If you’ve been a follower of my blog for a while you have probably wondered if I buy my child clothes. You know, real clothes. Clothes other than pajamas.
I swear I buy him clothes. I probably buy him too many clothes (especially considering the fact that he hardly wears them).
This child is not a fan of clothes. He can’t really tell us why but I have hypothesized many reasons. Waistbands feel too tight and fabric feels too scratchy being the biggest ones.
Every day he’ll get dressed for school or to do errands with little complaint (sometimes there’s complaints, but never too long-lived). But the second he returns home he is back in his pajamas. I truly mean the second he walks through the door. He starts ripping the clothes off as he’s walking so there is often a trail of socks and underwear from the front door to the laundry room. He is often in his pajamas before I have even put away the keys and my purse. No joke.
And then once he is in his pajamas, don’t even think about asking him to change back to clothes. My husband is quite often the recipient of texts that read, “Can you grab coffee on your way home? Brian is in his pajamas”. “Brian is in his pajamas” is code for “We aren’t leaving this house again until tomorrow”.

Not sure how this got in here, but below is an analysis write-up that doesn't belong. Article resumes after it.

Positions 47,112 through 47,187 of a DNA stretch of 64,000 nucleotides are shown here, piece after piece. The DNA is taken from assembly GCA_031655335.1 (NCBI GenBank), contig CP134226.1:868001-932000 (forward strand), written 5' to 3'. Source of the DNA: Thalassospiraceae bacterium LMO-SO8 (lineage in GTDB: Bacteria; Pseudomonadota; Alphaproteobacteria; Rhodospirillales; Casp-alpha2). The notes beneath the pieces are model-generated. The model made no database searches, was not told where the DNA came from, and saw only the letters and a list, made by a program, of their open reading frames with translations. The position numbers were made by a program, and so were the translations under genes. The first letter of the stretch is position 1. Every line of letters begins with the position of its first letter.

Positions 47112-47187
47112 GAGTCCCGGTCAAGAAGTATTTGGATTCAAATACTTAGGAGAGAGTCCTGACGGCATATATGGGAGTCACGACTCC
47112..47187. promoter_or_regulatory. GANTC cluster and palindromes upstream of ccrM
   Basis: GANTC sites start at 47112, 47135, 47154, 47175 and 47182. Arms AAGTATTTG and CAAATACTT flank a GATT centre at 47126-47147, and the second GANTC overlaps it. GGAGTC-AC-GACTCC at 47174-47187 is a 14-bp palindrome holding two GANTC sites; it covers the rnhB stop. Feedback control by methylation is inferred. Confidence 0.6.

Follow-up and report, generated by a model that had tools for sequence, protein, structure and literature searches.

I don’t really blame him. There is nothing like that feeling after a long day of taking off your clothes and slipping into your soft, worn-in pajamas.
Plus, I can’t complain. This has been a long journey.
Back in the day, when he was first diagnosed, it was a fight just to get him to wear clothes. He was naked at all times at our house, no matter who was there. I would wrestle him into clothes before we had to leave the house but forget the socks and shoes. Those just weren’t happening.
Slowly he conformed to society and would no longer fight to get dressed to go out but at home he was still naked.
Then we graduated to the rule that he had to wear underwear at all times. No more naked Brian butts.
And finally, only just a year or so ago, he graduated to wearing pajamas at home.
See, with autism comes this little thing called sensory processing disorder.
It makes navigating the world really tricky.
Sometimes Brian’s nerves send the wrong messages to his brain- telling him that things feel too tight, too scratchy, too annoying. Things sound too loud. Foods smell too strongly, taste too sour, and don’t even get me started on the texture.
But as Brian has grown and healed with therapies and sensory diets he becomes more and more regulated. Sometimes it’s hard to notice from day to day. But when you remember the days of the streaking child, you realize just how far he has come.
Maybe, some day, we’ll graduate to real clothes at home…maybe.
This post is part of a Sensory Processing blog hop organized by the wonderful The Sensory Spectrum. Please click the following link to read all of the other great posts by fantastic bloggers!